The keys to ‘unlocking’ autism
Boca woman says her autistic son’s condition improved during recent hurricane-related power outages
Published Sunday, December 26, 2004 at 1:00 am
by John Johnston
Throughout history, people have lived with what is known today as “autism spectrum disorders,” according to Dr. Jack Scott.
Scott, the director of Florida Atlantic University’s (FAU) Center for Autism and Related Disorders (CARD) says his group serves 681-area residents.
The words “autistic” and “autism” are derived from the Greek word “autos” meaning “self.” The words are used to describe an individual’s exclusion of the outside world and virtual withdrawal from social life.
“That sounds like Hunter,” said Robin Crompton, the Boca Raton mother of a 4-year-old autistic child.
And it wasn’t until 2001 that there was a public split in the medical community about autism’s root cause or causes. The International Medical Conference on Autism meeting in Quebec City in 2001 concluded for the first time that autism is an autoimmune disease, rather than a mental handicap.
“Research will show there is a genetic predisposition to autism. What we have to find is the environmental insult,” said Dr. Ed Yazbak, a pediatric infectious disease specialist from Boston.
“Physicians treating children diagnosed with autism must recognize the children are suffering a medical illness,” he said. “If pediatricians do not adopt the new thinking on autism, it will be left to crooks and charlatans to exploit desperate parents,” Dr. Yazbak warned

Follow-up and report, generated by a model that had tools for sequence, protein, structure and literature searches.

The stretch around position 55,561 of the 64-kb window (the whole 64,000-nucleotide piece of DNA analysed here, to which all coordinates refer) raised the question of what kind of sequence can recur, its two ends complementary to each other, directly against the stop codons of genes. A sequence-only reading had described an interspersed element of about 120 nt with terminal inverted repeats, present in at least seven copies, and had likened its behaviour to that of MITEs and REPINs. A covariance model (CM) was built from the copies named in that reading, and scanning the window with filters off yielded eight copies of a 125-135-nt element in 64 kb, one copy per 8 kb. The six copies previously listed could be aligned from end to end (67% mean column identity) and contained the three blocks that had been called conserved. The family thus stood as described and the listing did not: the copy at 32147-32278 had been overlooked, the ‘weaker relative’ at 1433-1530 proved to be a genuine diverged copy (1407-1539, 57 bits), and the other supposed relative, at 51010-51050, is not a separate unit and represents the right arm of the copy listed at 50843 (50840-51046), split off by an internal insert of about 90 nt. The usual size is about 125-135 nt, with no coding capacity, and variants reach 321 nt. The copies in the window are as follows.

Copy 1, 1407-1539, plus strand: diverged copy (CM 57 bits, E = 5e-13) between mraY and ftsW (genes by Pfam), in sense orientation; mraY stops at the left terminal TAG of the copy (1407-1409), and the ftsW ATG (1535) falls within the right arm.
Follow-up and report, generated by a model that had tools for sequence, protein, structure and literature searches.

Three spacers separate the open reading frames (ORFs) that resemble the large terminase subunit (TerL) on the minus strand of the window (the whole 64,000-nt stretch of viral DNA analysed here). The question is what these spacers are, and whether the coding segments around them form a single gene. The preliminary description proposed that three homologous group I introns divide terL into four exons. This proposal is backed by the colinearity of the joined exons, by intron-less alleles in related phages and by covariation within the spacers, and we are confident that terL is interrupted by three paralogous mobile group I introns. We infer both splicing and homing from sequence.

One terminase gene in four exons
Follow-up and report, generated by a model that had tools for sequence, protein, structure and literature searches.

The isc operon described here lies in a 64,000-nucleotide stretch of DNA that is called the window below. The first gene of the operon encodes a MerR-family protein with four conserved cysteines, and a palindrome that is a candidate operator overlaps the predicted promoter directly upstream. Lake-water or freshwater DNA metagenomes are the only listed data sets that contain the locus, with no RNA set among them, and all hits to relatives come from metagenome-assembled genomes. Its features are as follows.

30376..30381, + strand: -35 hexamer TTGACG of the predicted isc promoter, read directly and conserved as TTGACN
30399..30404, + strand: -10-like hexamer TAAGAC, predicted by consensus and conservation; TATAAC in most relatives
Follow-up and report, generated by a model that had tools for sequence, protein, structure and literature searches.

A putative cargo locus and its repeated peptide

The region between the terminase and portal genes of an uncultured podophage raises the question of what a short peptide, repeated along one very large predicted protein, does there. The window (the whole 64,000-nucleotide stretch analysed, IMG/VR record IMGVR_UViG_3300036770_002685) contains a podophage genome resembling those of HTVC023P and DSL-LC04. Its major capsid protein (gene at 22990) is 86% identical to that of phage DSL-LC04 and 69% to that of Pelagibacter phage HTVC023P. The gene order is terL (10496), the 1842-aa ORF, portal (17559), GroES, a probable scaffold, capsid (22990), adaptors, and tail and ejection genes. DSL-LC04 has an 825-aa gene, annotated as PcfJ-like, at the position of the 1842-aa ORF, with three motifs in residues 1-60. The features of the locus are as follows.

“It is a combination of genetic and environmental interactivity,” agreed FAU’s Dr. Scott.
Many say genetic factors alone can’t account for the rapid growth of autism cases. The Centers for Disease Control (CDC) said there was a 10-fold increase in autism in Atlanta from 1986 to 1996. The California Department of Developmental Services reported that autism cases in the state more than doubled between 1987 and 1998. Autism is the second most common developmental disability, next to mental retardation, according to the National Alliance for Autism Research (NAAR).
And Robin Crompton thinks she has first hand information about a more abstract element of the environmental question. “The hurricanes came, and the power went out, and my son acted not autistic,” she told the Boca News.
“My doctor was floored,” she said, even as she wondered if this “means that Hunter’s autism is the result of over-stimulation, and dealing with it by shutting down? Or does it have to do with the electro magnetic part of electricity?” (Hunter’s neurologist Dr. Adel Helme was away for the holidays and not available for comment).
At the Haven, they also room together.
“John is a very loving and outgoing child,” she said. “He enjoys playing basketball, football, jogging, swimming, playing computer games, card games and watching TV.
Justin has similar interests, she said, including basketball, football, skateboarding, playing cards and watching TV. “He also enjoys quiet moments such as reading and listening to music.”